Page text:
Jeff Mason is a White House Correspondent for Reuters and the 2016-2017 president of the White House Correspondents’ Association. He was the lead Reuters correspondent for President Barack Obama's 2012 campaign and interviewed the president at the White House in 2015. Jeff has been based in Washington since 2008, when he covered the historic race between Obama, Hillary Clinton and John McCain. Jeff started his career in Frankfurt, Germany, where he covered the airline industry before moving to Brussels, Belgium, where he covered the European Union. He is a Colorado native, proud graduate of Northwestern University and former Fulbright scholar.
Twitter handle: @jeffmason1
LONDON (Reuters Breakingviews) - Turkey’s currency crisis was easy to predict. What is more surprising is how weak the global response has been. The old world financial order is badly missed.
LONDON (Reuters Breakingviews) - The Great Moderation – snicker, snort. Surely, the idea that modern economies have no need for economic cycles was killed off by the great financial crisis of 2008. Like the “end of history” proclaimed after the fall of the Soviet Union, this notion seems to belong in the dictionary of utopian follies.
DANVILLE, Vermont (Reuters Breakingviews) - Alexandria Ocasio-Cortez has become a poster child for radical left-wing politics in the United States. The young New York candidate for the House of Representatives has a small army of enthusiastic fans, who last month helped her win the Democratic nomination over an established veteran.
LONDON (Reuters Breakingviews) - It’s time for governments to accept a basic truth of the 21st century political economy: Children are an economic drag for parents. Political authorities can take some comfort, however. Low birth rates do not cause serious economic problems.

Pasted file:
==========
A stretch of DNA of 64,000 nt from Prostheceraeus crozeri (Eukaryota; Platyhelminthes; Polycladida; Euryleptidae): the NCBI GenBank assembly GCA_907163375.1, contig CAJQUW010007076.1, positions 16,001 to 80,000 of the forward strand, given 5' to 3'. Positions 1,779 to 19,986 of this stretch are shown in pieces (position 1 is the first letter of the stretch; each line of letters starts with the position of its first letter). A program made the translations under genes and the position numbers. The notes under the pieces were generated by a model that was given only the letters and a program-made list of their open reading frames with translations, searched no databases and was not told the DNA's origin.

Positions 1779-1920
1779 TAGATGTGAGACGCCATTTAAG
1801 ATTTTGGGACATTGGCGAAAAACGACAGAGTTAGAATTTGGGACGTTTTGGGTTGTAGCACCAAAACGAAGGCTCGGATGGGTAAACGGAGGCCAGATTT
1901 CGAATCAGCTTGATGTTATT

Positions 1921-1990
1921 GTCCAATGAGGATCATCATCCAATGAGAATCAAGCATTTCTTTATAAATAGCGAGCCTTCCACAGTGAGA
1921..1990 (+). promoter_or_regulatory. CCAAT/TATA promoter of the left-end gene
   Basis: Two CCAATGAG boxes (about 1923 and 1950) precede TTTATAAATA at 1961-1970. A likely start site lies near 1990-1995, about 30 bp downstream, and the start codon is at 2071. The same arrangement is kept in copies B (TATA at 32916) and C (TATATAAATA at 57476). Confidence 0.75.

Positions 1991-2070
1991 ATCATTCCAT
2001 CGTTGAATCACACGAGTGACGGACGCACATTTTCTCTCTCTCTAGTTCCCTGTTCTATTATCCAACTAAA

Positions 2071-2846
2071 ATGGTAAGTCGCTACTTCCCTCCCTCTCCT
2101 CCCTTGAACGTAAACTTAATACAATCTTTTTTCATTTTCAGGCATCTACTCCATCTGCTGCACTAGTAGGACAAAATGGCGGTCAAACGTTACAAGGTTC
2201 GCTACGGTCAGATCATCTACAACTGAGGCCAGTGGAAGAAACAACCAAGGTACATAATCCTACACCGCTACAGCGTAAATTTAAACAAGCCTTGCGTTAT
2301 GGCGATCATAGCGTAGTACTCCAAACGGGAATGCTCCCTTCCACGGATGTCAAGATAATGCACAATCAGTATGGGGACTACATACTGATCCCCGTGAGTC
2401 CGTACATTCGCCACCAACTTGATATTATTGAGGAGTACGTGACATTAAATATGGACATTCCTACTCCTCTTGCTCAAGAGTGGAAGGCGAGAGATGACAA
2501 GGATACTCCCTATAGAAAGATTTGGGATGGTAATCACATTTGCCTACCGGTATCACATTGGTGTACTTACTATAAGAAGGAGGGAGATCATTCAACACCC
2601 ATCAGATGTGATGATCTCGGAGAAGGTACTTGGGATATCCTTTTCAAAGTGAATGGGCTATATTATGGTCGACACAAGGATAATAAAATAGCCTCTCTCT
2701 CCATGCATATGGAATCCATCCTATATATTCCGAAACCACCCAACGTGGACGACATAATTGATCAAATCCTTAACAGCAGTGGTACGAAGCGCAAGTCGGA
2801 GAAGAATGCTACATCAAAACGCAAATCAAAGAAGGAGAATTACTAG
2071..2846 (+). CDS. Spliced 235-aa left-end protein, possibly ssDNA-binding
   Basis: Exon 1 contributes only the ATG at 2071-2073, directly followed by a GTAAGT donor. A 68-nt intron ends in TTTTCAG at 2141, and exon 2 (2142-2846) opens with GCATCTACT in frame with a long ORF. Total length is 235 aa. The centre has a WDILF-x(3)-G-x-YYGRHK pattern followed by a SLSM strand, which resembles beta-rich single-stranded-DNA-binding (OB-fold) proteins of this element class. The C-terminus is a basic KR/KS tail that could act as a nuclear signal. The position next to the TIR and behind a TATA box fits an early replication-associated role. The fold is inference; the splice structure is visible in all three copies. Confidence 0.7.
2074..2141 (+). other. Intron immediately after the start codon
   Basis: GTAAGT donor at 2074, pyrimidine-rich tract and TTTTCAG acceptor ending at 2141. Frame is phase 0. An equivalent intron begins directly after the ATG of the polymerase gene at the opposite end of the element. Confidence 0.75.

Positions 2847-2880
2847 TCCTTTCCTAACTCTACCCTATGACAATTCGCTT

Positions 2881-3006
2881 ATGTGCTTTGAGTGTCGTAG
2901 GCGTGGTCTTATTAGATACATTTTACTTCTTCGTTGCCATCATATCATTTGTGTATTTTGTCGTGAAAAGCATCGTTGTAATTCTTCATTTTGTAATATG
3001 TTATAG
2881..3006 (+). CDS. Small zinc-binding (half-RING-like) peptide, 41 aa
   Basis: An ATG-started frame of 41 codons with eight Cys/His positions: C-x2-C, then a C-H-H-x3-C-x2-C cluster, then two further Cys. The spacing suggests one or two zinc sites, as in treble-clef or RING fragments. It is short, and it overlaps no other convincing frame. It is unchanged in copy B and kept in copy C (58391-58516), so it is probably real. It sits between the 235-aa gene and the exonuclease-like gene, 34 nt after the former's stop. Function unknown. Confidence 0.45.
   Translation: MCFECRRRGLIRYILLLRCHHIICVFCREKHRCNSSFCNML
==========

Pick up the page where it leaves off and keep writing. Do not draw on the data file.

LONDON (Reuters Breakingviews) - Sports fans consider the World Cup to be a showcase of bitter competitive rivalry. Passions run so high that the soccer championship sometimes seems like a substitute for war. Yet the matches are basically peaceful. Moreover, the ritual conflicts are merely the visible surface of a great structure built on strong and deep foundations of cooperation. This combination of sharing and fighting has a parallel in the economy – competitive markets.
LONDON (Reuters Breakingviews) - The euro is doomed. That claim was first made as soon as a European single currency was officially suggested in 1970. Predictions of disaster have come steadily ever since. The actual appearance of the currency in virtual form in 1999, the euro zone banking crisis that started in 2010, and now a new eurosceptic Italian government have all spurred warnings of inevitable woe.
LONDON (Reuters Breakingviews) - As an American political story, the surprise victory of Alexandria Ocasio-Cortez in a New York Democratic Party primary election is a pretty big deal. But the 28-year-old Puerto Rican woman from the Bronx may have done something even more impressive than win against a better-funded incumbent. She may have discovered, or rediscovered, a key to substantial social and economic change.
LONDON (Reuters Breakingviews) - Tayyip Erdogan has done what all authoritarian leaders want to do – he has won an unfair election. His Sunday victory in Turkey’s presidential ballot, under the new constitution he devised, makes him a near-absolute leader. Of course, he still cannot overpower global financial markets or economic reality. But the economy is a secondary concern to him – as it is to other “will of the people” leaders.
LONDON (Reuters Breakingviews) - Societies work best if everyone helps out. Two new studies suggest that many big companies in developed economies are shirking. They are taking too much in profit and paying too little in tax.
LONDON (Reuters Breakingviews) - Is it time for Rome to leave the euro in order to take back control of its fiscal policy? Both parties in the new Italian government have been flirting with that idea for some time. The right-wing League has nationalist reasons, while the radical 5-Star Movement has more nihilist motives. Does returning to the lira make any sense?